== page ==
If I apply the Twitter Ratio to all of the fine folks I analyzed still ranked using their Twinfluence score here is what we get:

  • Jeremiah Owyang earns a score of 2.95 indicating that Jeremiah “may be a popular person” and “people want to hear what [Jeremiah] has to say” plus he “may be a thought leader in [his] community.” Sounds pretty much perfect to me, but I like Jeremiah.
  • Bryan Eisenberg earns a score of 1.04 indicating that Bryan is “respected among [his] peers” (or that he follows his Mom and she follows him, but with 1,951 followers we can assume the former is the best explanation)
  • Marshall Sponder earns a score of 2.30 which is pretty similar to Jeremiah’s score against his 851 followers.
  • Avinash Kaushik earns a score of 105.5 indicating that Avinash is “either a Rock Star in [his] field or an elitist [who] cannot be bothered by Twitter’s mindless chatter” who “likes to hear [himself] talk” but “luckily others like to hear [him] talk too.”
  • Anil Batra earns a score of 1.27 putting Anil in the same category with Bryan above although with only 266 followers his reach is somewhat lower than Bryan.
  • Aaron Gray earns a score of 1.49 pushing Aaron more towards Jeremiah Owyang than Bryan Eisenberg, at least on Dave’s scale.
  • Jim Sterne earns a score of 17.48 which is in the same “Rock Star” range as Avinash (although an order of magnitude less rock-starry  than Google’s own analytics evangelist)
  • Omniture earns a score of 1.26 indicating respect among the company’s 247 followers
  • Dennis Mortensen earns a score of 13.85 showing that Dennis, like Jim and Avniash, is a true web analytics rock star!
  • Nick Arnett earns a score of 0.58 which indicates that Nick is trying but alas, “not getting much Twitter love in return.”

My own score is 3.13 against 697 followers which I’m pretty happy about (especially the part about not “being an ass!”) Incidentally Perry Belcher’s Twitter Ratio is 0.98 … about as balanced as it gets!  If you have 30 seconds you can go to Dave’s site and calculate your own Twitter Ratio.

What do you think?

Is “influence” the best measure of success in social media? Or should we pay closer attention to something like the Twitter Ratio as a measure of our likelihood to actively participate in the larger conversation? It’s not hard to imagine the Twitter Ratio combined with a measure of tenure or update velocity or even something like influence to come up with a system to help us better discover which members of Twitter are providing real and substantial value to the community.

I welcome your thoughts, comments, suggestions, and perhaps more selfishly, recommendations for great and interesting people to follow and tools to help with the discovery process.

Published on December 29, 2008 under Engagement, Key Performance Indicators, Random Thoughts, Web 2.0, Web Analytics 2.0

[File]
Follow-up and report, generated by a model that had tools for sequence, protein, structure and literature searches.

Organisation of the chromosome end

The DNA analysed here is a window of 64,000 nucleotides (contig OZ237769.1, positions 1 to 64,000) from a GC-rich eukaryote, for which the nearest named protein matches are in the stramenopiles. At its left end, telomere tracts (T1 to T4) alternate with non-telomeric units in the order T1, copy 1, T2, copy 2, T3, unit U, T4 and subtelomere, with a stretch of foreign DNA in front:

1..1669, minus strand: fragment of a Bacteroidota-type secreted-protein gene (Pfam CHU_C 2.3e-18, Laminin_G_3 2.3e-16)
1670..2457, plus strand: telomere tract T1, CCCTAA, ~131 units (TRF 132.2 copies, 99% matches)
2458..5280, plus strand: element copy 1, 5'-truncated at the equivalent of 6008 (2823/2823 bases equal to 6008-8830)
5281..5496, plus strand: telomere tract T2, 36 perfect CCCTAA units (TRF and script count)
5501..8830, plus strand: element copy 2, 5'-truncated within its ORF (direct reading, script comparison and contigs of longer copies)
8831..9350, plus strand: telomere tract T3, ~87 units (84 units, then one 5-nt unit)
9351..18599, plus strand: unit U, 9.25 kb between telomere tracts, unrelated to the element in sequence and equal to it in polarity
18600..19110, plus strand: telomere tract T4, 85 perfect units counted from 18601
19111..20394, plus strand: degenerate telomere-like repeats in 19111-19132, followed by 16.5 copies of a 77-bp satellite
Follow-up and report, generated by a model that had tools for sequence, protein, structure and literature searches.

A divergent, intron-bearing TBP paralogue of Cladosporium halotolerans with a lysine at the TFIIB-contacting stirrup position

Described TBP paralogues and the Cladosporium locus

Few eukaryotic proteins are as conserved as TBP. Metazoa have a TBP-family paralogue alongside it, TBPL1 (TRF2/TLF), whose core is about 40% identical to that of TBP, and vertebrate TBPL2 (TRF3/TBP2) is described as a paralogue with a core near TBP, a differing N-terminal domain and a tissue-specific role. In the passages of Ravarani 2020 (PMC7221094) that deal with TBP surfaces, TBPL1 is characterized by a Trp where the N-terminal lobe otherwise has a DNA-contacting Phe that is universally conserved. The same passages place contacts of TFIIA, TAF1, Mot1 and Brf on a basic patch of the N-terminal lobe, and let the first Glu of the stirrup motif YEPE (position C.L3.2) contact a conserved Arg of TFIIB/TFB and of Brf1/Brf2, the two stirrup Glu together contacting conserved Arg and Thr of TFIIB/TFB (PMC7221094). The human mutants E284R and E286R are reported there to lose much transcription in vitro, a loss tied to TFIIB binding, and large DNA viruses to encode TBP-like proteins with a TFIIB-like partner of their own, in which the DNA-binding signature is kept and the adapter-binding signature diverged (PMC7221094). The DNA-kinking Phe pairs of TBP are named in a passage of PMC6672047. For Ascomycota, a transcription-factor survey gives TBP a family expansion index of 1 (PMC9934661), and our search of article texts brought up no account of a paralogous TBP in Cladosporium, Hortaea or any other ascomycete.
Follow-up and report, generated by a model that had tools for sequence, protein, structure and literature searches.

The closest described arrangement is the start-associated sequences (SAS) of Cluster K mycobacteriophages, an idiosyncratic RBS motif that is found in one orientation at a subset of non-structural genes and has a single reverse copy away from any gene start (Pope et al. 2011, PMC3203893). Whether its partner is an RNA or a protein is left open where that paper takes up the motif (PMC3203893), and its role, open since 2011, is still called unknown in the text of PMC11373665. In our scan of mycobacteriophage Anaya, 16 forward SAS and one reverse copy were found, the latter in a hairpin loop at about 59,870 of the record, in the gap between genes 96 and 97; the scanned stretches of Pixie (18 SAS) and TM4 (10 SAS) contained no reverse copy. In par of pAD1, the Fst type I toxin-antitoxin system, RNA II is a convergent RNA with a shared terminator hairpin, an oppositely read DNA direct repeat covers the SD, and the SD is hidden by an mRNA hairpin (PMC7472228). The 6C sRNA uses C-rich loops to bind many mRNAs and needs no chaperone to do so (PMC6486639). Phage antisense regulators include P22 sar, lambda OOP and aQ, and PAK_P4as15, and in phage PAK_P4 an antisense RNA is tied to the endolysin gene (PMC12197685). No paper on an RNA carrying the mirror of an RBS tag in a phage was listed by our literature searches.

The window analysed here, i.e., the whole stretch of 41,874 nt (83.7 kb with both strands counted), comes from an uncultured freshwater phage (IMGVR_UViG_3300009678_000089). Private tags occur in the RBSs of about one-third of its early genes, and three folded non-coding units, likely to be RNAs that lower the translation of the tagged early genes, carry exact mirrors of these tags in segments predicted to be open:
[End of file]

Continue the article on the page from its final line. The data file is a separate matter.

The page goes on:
Track Visitor Engagement using Google Analytics!

One of the major complaints about my work on measures of Visitor and Audience Engagement is that unless you have Visual Site (= Omniture on Premise), Unica, Coremetrics, SAS, or a custom data warehouse solution you’re somewhat limited in your ability to make the calculation. Now, thanks to the recent upgrade to Google Analytics and the availability of session-level segmentation everyone can use my calculation to explore engagement patterns on their site.

Yep, free measures of Visitor Engagement from Web Analytics Demystified and Google Analytics!

It was a post from Alec Cochrane about engagement that got me thinking about the application of my calculation using Google’s segmentation features, thanks Alec! Heck, had I been paying more attention to his blog I would have noticed that even Avinask Kaushik (who persists in his dogmatic assertion that “engagement cannot be measured”) refers to GA’s ability to make the calculation.

Keep in mind, what I’m describing in this post is not a full-blown measure of Visitor Engagement for a lot of reasons. Still, as I’m kicking it around it appears to be a pretty good start and per my entire approach towards measures of engagement, I’d rather have all of you banging on the idea than work in a vacuum.

So how does it work?

Step 1: Gather Your Threshold Values

The first step is to determine what thresholds you want to set for your Click-Depth, Duration, Recency, and Loyalty indices.  You can get the first two from GA’s Visitors > Overview report (shown at right) while Recency and Loyalty come from Visitors > Visitor Loyalty > Recency and Visitors > Visitor Loyalty > Loyalty respectively.

Depending on your site you may need to be creative in how you set the Loyalty and Recency thresholds, especially since GA’s reporting on these measures is not super robust. Fortunately, since the segmentation tool is pretty flexible you can play with the threshold values once you’ve set them.